Tahuantinsuyu or Tawantisuyu, the name given by the Incas to their empire. Meaning "Land of the Four Quarters," it derives from the Quechua words for "four" (tawa) and "quarter" (suyu). The empire of Tahuantinsuyu stretched in the north from the Ancasmayo River, on the modern border between Ecuador and Colombia, to the Maule River in the south, just below the modern city of Santiago, Chile, a distance of 2,500 miles. The suyus were the four main administrative units of the empire, and each was named for a province within it: Chinchasuyu, the northwestern quarter; Antisuyu, the northeastern quarter; Contisuyu, the southwestern quarter; and Collasuyu, the southeastern quarter. The suyus were originally conceived as four equal units, with the city of Cuzco located at the central point where they all came together. Over time, however, the expansion of the empire increased the territory of the suyus unequally.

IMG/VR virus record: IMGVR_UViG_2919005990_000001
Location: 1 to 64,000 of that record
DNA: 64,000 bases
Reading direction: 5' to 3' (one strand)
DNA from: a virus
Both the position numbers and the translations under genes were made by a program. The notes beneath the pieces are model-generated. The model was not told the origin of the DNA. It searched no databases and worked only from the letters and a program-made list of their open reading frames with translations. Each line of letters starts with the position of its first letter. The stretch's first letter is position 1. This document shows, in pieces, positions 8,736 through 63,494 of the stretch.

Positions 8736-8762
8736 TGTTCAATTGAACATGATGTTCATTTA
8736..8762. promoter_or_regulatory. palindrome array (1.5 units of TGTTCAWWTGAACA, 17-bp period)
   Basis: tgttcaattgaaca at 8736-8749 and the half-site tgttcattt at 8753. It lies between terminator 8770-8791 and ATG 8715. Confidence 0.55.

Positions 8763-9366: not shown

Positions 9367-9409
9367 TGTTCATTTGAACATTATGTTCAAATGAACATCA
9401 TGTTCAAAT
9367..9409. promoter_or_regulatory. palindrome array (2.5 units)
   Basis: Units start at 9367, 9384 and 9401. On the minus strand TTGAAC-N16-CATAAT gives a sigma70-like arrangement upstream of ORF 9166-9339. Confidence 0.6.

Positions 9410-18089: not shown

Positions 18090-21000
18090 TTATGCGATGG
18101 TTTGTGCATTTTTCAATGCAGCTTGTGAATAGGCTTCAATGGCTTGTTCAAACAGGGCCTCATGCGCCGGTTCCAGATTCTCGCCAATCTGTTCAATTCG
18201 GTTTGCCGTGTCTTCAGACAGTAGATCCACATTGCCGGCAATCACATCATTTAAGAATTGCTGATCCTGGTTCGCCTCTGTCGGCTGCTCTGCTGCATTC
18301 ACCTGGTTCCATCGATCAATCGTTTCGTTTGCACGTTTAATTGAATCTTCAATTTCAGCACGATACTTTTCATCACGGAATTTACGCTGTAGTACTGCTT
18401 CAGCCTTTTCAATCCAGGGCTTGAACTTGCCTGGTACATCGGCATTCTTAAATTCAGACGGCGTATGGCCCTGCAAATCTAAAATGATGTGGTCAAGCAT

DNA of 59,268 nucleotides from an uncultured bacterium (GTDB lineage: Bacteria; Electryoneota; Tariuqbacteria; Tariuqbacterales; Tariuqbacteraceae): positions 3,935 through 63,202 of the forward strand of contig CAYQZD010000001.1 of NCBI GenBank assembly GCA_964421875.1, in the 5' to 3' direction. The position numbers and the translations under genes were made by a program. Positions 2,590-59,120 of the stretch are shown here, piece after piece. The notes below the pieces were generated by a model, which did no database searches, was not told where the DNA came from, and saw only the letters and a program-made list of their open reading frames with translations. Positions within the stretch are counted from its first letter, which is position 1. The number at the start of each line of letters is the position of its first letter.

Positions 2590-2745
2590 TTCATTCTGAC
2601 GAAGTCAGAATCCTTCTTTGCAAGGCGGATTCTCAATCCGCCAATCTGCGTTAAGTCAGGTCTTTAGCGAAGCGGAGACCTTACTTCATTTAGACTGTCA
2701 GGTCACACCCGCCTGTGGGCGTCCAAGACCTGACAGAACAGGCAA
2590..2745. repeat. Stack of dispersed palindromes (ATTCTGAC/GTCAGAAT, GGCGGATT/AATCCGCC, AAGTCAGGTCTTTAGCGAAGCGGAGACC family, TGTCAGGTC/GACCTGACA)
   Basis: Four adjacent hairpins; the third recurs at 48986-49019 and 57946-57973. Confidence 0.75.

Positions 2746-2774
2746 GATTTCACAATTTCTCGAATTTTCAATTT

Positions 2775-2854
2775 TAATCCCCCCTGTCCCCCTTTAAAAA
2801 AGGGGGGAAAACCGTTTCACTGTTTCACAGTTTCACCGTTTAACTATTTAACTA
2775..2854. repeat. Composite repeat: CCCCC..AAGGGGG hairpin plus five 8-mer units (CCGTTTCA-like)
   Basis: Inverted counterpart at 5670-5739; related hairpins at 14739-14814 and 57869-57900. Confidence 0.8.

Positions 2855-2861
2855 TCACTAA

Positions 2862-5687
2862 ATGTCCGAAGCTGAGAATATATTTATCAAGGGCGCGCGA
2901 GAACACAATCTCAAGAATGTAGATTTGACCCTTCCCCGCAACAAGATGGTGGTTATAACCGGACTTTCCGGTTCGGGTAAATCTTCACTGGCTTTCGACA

See alsoIncas, The .
John H. Rowe, "Inca Culture at the Time of the Spanish Conquest," in Handbook of South American Indians, vol. 2 (1946), p. 262.
Someda, Hidefuji. El imperio de los Incas: Imagen del Tahuantinsuyu creada por los cronistas. Lima: Pontificia Universidad Católica del Perú, Fondo Editorial, 1999.
Villanueva Sotomayor, Julio. El Tahuantinsuyu: La propiedad privada y el modelo curacal de producción. Lima: Ediciones Luciérnaga, 1994.
Gordon F. McEwan